‘The regatta course takes in a harbour start with two laps around Te Haupa Island, which keeps the fleet close-in, and that provides  a fantastic spectacle ashore.

‘A mass start calls for cool nerves as skippers jockey for their ideal spot. Conditions were again a little light for our liking, but no one seems to care as we join in what becomes a procession led by the glorious Logan raters.

‘The Saturday night prize giving and dance ashore at Scott’s Landing in a perfect setting with barbecues and the gentle sound of the Prohibition Big Band is another highlight of the weekend, but the night is all too short, however as then had a 0930h start for the Mark Foy race home to Auckland.

‘Unfortunately there was again  rather too little breeze, which  led to us crossing and re-crossing the starting line at least three times, and ended well behind our handicap… Eventually a steady breeze arrived and we had a glorious sail to the finish with all canvas set including spinnaker and mizzen staysail. There were no prizes this time, but spending the weekend in the company of a sprightly one hundred and eighteen year old lady named Ethel was priceless… ‘

Thanks Paul! I’m amazed – all that racing in one weekend must be shattering, if wonderful!

OGA celebrates 50 years in colourful style despite strong winds

Start of Clog race by Keith Allso

Strong winds meant that just 60 boats completed the OGA’s 50th anniversary race at Cowes on Saturday, but it didn’t prevent the organisation’s members having a lot of fun.

Almost 200 traditionally rigged sailing boats gathered in Cowes Yacht Haven and Shepards Wharf Marina from all round the UK, and from as far afield as Holland, Belgium and France.

Some 141 boats registered to participate in Saturday’s big race, which would have set a new record for gaff-rigged boats racing together. However, strong winds deterred entrants, and only 94 boats started the race. Many then retired as the wind got up and the sea became rougher. But 60 stalwart boats soldiered on and finished the course.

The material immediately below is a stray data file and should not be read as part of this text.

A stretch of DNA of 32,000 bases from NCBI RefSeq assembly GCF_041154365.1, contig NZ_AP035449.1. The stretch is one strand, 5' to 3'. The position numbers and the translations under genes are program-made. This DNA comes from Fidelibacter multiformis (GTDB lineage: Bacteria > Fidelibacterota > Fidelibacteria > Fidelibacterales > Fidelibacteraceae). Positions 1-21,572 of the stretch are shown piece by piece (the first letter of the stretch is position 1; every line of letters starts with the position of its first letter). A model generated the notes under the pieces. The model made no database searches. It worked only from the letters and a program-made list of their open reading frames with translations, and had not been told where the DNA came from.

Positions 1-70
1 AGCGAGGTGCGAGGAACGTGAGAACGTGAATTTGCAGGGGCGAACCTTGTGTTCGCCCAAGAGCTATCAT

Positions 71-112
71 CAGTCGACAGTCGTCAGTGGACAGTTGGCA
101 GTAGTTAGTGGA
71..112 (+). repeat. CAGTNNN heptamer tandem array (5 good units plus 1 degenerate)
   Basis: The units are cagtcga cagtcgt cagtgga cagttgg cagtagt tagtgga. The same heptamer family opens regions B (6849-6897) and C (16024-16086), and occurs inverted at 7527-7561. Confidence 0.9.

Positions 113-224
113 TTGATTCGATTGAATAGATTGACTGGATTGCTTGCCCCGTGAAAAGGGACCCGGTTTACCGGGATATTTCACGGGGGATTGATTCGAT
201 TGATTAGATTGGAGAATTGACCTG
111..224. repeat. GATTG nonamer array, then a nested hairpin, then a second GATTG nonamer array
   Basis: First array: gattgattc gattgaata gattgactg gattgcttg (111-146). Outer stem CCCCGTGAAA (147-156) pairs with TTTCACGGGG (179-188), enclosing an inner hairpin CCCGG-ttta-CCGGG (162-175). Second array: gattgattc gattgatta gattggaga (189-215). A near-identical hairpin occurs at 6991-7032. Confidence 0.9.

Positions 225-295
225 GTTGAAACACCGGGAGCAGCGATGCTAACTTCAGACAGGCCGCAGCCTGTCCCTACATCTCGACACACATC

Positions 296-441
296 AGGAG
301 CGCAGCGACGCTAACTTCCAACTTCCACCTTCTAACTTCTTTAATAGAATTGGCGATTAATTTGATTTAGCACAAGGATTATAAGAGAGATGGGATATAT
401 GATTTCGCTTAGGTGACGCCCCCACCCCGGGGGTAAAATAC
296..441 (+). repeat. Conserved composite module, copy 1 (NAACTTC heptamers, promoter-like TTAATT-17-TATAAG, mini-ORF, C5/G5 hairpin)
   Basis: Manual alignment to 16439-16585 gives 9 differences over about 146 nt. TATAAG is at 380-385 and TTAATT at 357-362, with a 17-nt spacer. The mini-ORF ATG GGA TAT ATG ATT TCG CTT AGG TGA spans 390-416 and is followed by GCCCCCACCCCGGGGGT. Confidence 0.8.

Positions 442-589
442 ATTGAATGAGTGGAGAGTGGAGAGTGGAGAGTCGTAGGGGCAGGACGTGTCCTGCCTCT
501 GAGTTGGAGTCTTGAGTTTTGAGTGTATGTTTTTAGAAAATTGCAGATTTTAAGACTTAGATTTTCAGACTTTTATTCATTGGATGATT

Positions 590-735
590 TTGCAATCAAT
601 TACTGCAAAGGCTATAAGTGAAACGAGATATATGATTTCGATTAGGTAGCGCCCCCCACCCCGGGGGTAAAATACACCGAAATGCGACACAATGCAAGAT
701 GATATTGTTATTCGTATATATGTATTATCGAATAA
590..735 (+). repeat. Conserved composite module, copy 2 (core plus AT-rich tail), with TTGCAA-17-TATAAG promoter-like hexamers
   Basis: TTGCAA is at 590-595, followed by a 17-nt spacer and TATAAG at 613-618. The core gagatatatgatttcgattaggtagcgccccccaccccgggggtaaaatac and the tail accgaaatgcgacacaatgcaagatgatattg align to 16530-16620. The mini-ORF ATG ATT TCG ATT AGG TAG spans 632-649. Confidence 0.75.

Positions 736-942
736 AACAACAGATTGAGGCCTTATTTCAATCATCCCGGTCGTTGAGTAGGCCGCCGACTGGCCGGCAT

One of the photos below by Keith Allso shows the 18ft Chough owned by Christine and David Christine Hopkins, which at 18ft the smallest boat to finish the race.

At the other end of the scale, the deep sea smack 68ft Pioneer was the oldest boat at the festival. originally built in 1864 and recently restored by the Pioneer Sailing Trust in Brightlingsea.

She once worked the fishing grounds off Terschelling, but now she takes groups of up to 12 young people from all sorts of backgrounds out to sea for an experience of a lifetime. This weekend she was crewed by a group of young carers.

Pioneer picked up more than one prize in the racing: she was first over the finish line, second in her class on handicap, and to top it all she was awarded the Youth Cup for the crew with the lowest average age.

OGA president Mike Shaw announced the launch of an OGA-sponsored youth fund to support the work of Pioneer and others like her.

Dutch visitors to the festival challenge the different UK OGA areas to make up a simple model racing boat using a kit comprising a clog, a shaped wooden keel and a lump of lead for ballast. A race was held in the marina as part of the regatta, and the winner was awarded a carved wooden tulip awarded by the Dutch skippers.

There’s more to read on the Sailing By website, and more here from Bonita.

Photos by Keith Allso, except deep sea smack Pioneer, which was taken by OGA officials